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Natural Dyers

Membership:
Open
Posting Access:
Anybody
This community is intended for discussion of natural dye techniques. Natural dyes come from plant (e.g. onion skins, indigo, madder, lichens), animal (e.g. cochineal, murex), or mineral (e.g. ochre) sources. Analine dyes, which come from chemistry labs, should be discussed elsewhere. Feel free to ask questions about natural dyes and the history of dyeing, post about surprising new dye plants you've found, share pictures of projects, etc.

This is NOT strictly an historical dye community, so please don't feel limited to discussing only those dyes used historically -- avocado skins, eucalyptus, and that unidentifiable weed you found in your backyard are all fair game.

Rules:

1. Be polite.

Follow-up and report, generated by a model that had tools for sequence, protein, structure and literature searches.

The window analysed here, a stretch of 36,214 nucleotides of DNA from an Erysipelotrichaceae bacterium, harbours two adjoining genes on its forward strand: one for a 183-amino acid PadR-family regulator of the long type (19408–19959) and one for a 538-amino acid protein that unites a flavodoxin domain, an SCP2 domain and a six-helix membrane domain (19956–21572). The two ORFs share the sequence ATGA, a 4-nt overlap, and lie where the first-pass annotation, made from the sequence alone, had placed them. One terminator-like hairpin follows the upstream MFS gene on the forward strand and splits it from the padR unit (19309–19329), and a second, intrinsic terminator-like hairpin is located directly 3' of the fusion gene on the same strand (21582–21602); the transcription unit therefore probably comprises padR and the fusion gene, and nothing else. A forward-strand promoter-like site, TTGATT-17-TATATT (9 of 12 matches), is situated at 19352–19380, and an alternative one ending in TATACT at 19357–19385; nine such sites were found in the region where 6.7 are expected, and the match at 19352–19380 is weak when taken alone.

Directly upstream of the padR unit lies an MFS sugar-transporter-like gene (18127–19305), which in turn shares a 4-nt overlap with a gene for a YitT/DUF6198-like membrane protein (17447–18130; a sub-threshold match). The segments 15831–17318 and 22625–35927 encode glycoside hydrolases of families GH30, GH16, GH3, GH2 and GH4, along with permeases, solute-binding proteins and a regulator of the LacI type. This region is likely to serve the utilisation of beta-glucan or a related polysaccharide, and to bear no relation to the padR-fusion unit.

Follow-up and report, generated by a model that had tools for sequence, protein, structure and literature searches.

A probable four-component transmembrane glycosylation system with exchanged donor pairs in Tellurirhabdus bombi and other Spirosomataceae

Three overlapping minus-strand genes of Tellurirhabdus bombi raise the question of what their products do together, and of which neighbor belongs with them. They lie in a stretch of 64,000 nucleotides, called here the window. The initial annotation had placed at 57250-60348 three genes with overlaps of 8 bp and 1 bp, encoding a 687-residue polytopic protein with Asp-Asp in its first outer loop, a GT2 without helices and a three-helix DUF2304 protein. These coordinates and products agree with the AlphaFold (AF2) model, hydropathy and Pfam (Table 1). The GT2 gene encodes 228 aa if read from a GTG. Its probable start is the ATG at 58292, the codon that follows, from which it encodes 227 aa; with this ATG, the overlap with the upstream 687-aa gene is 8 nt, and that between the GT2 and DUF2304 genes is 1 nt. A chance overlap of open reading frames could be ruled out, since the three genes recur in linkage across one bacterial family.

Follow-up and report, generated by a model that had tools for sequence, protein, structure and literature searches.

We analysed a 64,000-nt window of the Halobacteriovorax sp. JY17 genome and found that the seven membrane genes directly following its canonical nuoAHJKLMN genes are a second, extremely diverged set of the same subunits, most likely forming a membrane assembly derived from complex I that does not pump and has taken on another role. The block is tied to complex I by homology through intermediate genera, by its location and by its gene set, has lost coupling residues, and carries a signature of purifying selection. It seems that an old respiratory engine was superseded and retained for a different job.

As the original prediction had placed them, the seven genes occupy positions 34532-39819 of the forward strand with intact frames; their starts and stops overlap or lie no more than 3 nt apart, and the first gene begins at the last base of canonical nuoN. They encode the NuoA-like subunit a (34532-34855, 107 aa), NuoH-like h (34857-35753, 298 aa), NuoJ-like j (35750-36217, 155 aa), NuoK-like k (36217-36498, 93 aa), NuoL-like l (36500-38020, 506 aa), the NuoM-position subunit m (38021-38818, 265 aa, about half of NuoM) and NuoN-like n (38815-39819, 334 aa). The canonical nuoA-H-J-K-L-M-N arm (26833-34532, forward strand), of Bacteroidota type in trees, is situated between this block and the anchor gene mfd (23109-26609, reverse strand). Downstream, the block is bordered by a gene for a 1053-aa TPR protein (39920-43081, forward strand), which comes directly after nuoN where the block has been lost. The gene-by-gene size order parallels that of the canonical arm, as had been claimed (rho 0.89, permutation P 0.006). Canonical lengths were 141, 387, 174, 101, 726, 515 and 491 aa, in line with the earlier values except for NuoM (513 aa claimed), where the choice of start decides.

2. Make a sincere effort to type in a literate manner. It's easier for people to read, and LJ does have a spellcheck function.
3. Stay on topic. Community promotions are acceptable, if relevant (relevant = fiber arts, historical costuming; not relevant = sports, sex, etc.).

Moderator: barbarian_qulan. To contact, comment in her journal.

Related communities:

med_embroidery, for discussion of historical embroidery
sca_garb, a costuming community for the Middle Ages and Renaissance
fiberarts, for discussion of fiber arts in general
embroider, a modern embroidery community

Natural Dye Resources:

Natural Dye Journal - Really a general fiber arts journal, but some useful and informative posts on dying.
Claie-colour - Renaissance dyes, their DMC # equivalents, and a brief list of some Renaissance dyestuffs (although no modern dyer, to my knowledge, has ever managed to get magenta/purple out of dandelion root).
The Dye Woorkes: Medieval and Renaissance Recipes - As it says.

This list is ever incomplete -- feel free to suggest further resources.

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